2018: a year in review

2018 has been a good year for me and for my research team DATACTIVE. I would like to take the opportunity of the turn of the year to review what we accomplished and what remains to do.

We advanced with data collection, and are almost done. Just to mention one, we are close to 200 interviews, and the material is extremely rich.
We organized two exciting events, the July workshop entitled "Democracy under Siege" (July 4-5) and the Big Data from the South (December 4-5), and eve a hackaton.
Collectively we delivered over 40 talks, myself alone over 30 (not all related to DATACTIVE). Among others, I keynoted at the bi-annual conference of the STS Italia association, entitled "Technoscience from below", I delivered a TEDx talk to secondary school students, and was invited to speak at Falling Walls in Berlin (definitely the most entertaining talk of the year, with the collaboration of an amazing mine!).
We published a dozen between papers and book chapters, including an article for Policy & Internet by Niels ten Oever, two for the International Journal of Communication (here and here), three contributions in a special issue of XRDS on anonymity. We released a special issue on data activism of the peer-reviewed journal Krisis: Journal for Contemporary Philosophy. Many more contributions are in print. In January alone, an article on the consequences of engaging with data will appear on First Monday; a collective book chapter will be released in the context of an amazing edited collection on Good Data; the special issue of the journal Policy & Internet on internet architecture & human rights will see the light of day.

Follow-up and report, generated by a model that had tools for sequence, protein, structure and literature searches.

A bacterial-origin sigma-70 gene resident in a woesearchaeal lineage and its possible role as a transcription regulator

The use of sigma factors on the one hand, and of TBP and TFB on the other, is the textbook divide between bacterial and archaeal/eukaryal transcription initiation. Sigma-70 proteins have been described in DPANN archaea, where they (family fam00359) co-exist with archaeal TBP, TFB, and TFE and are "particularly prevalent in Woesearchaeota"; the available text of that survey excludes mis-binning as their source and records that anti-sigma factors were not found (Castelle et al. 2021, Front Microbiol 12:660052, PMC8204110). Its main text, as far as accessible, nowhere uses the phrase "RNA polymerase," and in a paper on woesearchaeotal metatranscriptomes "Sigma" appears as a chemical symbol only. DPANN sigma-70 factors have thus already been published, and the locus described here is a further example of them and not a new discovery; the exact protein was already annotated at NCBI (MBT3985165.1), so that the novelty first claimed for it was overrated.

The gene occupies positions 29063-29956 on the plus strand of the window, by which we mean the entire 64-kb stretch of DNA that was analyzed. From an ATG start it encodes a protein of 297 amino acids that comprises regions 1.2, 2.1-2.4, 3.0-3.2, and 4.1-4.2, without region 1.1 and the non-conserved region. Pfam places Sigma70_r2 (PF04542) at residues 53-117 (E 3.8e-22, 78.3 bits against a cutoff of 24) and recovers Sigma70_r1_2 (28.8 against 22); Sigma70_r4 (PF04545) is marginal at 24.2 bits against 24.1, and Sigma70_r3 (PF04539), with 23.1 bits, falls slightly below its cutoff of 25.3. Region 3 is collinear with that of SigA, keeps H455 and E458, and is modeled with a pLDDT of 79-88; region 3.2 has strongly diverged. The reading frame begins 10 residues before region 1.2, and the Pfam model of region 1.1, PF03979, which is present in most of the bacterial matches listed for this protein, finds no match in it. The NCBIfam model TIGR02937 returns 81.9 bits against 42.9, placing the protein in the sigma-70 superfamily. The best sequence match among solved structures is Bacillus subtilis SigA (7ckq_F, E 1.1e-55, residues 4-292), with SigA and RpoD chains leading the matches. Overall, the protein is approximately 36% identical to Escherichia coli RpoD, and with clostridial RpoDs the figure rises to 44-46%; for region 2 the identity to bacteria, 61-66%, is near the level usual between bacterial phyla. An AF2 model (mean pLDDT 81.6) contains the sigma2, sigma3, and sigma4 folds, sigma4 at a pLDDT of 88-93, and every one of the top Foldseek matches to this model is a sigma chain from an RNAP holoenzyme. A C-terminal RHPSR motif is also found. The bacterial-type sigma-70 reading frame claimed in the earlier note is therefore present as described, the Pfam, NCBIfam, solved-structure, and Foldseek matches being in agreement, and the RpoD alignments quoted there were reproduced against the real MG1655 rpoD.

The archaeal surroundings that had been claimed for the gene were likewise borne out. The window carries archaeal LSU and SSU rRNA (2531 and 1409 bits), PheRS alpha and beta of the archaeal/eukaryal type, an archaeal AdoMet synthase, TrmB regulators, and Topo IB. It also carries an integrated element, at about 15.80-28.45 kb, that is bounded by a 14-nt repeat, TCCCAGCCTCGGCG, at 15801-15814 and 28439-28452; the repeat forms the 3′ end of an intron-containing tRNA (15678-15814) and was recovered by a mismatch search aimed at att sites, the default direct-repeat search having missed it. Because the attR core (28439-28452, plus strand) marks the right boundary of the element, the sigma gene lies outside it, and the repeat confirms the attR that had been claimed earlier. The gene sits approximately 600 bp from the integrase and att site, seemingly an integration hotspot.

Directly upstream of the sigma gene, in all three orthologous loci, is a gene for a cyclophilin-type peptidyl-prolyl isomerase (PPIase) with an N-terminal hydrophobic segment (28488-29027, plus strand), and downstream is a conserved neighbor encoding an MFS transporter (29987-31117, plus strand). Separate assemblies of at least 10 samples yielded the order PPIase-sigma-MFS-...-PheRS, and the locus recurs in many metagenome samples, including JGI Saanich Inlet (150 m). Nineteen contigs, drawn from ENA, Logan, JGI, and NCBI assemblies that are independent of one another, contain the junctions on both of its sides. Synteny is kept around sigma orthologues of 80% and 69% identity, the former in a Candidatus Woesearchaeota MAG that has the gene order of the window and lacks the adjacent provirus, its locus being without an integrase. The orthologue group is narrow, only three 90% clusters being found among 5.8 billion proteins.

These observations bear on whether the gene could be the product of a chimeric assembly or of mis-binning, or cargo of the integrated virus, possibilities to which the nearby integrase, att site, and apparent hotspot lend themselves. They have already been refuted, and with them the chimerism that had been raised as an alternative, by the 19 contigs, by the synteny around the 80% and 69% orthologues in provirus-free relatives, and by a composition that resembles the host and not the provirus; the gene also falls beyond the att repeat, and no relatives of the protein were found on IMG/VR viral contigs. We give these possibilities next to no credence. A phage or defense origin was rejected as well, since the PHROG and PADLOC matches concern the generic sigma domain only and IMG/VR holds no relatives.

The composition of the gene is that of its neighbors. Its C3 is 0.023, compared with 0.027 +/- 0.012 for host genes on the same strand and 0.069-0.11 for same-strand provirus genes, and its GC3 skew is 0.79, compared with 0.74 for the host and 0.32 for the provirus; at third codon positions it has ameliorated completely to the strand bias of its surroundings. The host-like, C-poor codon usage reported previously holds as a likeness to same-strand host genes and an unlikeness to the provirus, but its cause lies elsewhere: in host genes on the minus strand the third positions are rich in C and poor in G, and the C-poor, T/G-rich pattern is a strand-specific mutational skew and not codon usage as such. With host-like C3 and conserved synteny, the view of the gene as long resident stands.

The DATACTIVE blog, the critical communities debate and the Big data from the South blog are thriving; our work was mentioned in several media outlets in a variety of idioms.
In July we were awarded a Proof of Concept grant of the ERC to work on the Algorithms Exposed project (ALEX). Stay tuned for further developments, including a brand-new website which will soon become available at the URL algorithms.exposed.
And most importantly, we continued learning from each other and from the many activists we encountered during fieldwork, and we continued experimenting with a different way of doing and being academia (among others, see here and here).
With less than two years to the end of the grant, we will now dedicate ourselves primarily to data analysis and writing. ALEX will keep some of us busy, and will allow us to expand our team hiring a couple of developers and collaborating with NGOs. To start with, next week we will seize the opportunity of the forthcoming of the Digital Methods Winter School to advance with software development. We can anticipate we will use the forthcoming EU Parliament election as one of our test cases, so if you are interested in collaborating to a research on the effects of algorithmic personalisation please get in touch.